Despite China’s slowdown, global growth should not be completely derailed, according to Williams but it is a headwind, with the pressure to preserve world growth now tilting back from the emerging to advanced economies.
At about 2% yoy, the gap this year between the advanced and emerging economies’ growth rates is likely to be the smallest since the dot.com boom in 2000, Williams said. “And two unknowns are now the extent to which leverage behind China’s equity positions dents activity, possibly via real estate; and the deflationary flow – via falling commodity prices, lower Asian exchange rates, and cheaper exports – to the G7,” he added.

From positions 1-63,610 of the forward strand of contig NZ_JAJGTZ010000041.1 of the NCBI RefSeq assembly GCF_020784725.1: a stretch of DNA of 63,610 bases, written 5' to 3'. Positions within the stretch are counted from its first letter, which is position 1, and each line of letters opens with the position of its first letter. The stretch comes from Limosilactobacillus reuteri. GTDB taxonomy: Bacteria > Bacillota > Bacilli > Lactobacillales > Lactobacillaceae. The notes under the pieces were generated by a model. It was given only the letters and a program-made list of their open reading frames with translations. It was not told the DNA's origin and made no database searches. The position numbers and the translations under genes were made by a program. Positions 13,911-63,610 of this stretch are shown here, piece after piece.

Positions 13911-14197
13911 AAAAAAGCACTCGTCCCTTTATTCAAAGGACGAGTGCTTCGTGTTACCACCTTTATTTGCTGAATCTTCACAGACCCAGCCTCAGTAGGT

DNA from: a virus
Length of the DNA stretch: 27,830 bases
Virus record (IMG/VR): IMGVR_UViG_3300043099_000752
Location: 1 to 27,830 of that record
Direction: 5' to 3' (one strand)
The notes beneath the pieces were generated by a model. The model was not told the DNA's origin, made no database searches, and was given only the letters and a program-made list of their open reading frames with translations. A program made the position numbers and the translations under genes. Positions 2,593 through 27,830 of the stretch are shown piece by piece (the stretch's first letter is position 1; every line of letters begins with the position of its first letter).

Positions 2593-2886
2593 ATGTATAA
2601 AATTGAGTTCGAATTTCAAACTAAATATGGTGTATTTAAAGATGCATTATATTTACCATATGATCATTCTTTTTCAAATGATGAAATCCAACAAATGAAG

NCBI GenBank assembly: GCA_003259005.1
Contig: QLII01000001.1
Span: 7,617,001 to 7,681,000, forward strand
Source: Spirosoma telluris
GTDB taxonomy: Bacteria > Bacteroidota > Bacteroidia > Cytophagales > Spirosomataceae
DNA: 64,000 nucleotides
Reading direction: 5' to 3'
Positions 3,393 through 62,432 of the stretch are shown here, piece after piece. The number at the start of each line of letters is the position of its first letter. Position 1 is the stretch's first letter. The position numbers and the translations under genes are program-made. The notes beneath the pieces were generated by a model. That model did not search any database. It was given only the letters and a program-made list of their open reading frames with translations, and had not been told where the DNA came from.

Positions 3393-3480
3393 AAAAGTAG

Williams also pointed to how, should domestic debt strains build, China could run a quantitative easing programme.
“Meanwhile, the baton looks like it’s being handed back to the advanced economies to fuel world growth,” he said. “This means accelerating quantitative easing in Japan, the eurozone and Sweden, rate cuts in others and competitive currency falls, while China enacts an avalanche of stimulus measures sufficient to arrest the decline and avert market turmoil. If it doesn’t, the Fed’s rate tightening cycle could prove to be one of the shortest yet,” he added.